Could New York Mobile Sports Wagering Take New Jersey Down?New York
New Jersey’s perch atop the legal sports betting market in the United States could come to an end now that New York has finally launched mobile sports betting.
Last weekend, four sportsbooks were given the approval to launch online betting operations in New York, with another five still waiting for final approval from the state. This is a big step for New York, obviously, but it could also have ramifications on neighboring New Jersey.
New York’s Effect on New Jersey
Since legalizing sports betting in the fall of 2018, New Jersey quickly ascended to the top of the sports betting market in the United States. Through early January of this year, the state has brought in $21.6 billion in sports betting revenue. That’s almost $2 billion more than second-place Nevada ($19.8 billion) and more than twice as much as third-place Pennsylvania ($10.9 billion).
New York is relatively new to the legal sports betting market, so it’s overall numbers pale in comparison to some of its neighbors. Since launching sports betting operations, the state has brought in $342.4 million in bets.
But, New York legalizing mobile sports wagering could have a huge effect on New Jersey’s totals. Eilers & Krejcik Gaming, a research firm, has estimated that in 2019, New York residents wagered roughly $837 million at New Jersey sportsbooks.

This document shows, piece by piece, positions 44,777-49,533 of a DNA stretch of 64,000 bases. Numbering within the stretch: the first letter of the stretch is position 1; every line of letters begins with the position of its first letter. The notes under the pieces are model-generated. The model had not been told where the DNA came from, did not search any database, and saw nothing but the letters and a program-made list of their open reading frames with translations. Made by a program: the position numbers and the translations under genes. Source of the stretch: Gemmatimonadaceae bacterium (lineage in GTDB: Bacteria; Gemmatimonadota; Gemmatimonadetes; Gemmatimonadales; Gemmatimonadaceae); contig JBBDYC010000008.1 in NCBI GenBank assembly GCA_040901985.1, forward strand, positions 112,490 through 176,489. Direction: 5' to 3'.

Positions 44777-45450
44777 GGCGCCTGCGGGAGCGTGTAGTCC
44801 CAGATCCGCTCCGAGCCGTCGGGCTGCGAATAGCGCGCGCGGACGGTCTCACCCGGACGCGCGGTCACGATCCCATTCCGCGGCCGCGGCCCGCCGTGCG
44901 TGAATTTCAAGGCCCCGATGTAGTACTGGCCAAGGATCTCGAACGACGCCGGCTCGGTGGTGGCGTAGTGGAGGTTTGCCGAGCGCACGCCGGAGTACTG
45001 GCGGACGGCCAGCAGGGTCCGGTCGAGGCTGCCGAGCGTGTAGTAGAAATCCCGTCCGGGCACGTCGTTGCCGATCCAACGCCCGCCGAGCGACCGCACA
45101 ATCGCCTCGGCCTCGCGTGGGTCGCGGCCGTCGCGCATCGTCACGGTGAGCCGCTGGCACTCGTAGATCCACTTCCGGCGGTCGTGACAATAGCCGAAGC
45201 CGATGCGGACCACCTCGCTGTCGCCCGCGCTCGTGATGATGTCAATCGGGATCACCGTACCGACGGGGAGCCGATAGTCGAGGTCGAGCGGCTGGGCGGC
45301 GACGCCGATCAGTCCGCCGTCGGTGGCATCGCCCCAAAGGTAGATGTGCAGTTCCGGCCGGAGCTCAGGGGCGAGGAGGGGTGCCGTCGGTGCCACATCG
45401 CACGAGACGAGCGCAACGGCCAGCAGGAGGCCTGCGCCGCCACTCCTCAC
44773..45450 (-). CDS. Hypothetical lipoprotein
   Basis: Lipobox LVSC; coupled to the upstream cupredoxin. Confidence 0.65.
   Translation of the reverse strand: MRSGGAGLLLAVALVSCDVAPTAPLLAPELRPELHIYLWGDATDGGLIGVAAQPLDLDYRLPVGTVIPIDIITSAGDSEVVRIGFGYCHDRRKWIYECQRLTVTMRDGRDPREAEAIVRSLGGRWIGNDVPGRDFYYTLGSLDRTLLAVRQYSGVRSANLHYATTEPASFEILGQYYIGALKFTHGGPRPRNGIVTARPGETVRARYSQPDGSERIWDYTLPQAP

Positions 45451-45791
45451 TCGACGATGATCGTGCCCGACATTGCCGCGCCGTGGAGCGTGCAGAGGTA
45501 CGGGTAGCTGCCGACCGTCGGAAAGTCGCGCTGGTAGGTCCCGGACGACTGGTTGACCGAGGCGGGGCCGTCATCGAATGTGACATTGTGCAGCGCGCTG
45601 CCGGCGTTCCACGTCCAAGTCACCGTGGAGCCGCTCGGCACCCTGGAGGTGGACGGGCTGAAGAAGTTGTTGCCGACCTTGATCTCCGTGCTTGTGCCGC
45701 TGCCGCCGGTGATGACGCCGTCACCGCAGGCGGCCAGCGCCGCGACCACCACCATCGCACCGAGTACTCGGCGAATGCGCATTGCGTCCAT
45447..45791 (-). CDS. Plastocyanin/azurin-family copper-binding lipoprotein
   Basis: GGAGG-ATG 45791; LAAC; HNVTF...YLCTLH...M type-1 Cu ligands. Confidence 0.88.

That may seem like a lot, but it falls in line with other data. FanDuel, for example, has said in the past that as much as one-quarter of all the sports betting accounts set up in their New Jersey sportsbook are registered to people who have an address in New York.
The reason for this is that New York City residents could easily hop across the water and into New Jersey to place legal sports bets. Before now, their only option to place a legal sports bet in their own state was to travel more than four hours to a land-based casino in Upstate New York. That’s not necessary anymore.
Who’s Live in New York?
BetRivers wasn’t fully operational right away, though. Their parent company, Rush Street Interactive, said that they were still awaiting approval from the Google Play Store and Apple App Store to make their mobile apps available on devices. In the meantime, bettors would have to navigate to their website to bet, but it shouldn’t be long before their apps are fully functional.
New York regulators are still considering the applications of five other mobile sportsbooks — PointsBet, Resorts World, WynnBET, BetMGM and Bally Bet. It’s possible, then, that New York could have nine mobile sportsbooks up and running by the time of the Super Bowl on February 13.
New York’s mobile sportsbook rules are very similar to those of New Jersey. People can only wager on them if they are physically located in the state of New York. And wagers are prohibited on in-state collegiate teams. That means no wagering on Syracuse University, St. John’s University or other colleges.
Still, there’s much to be excited about in New York now that mobile sports wagering has finally been legalized.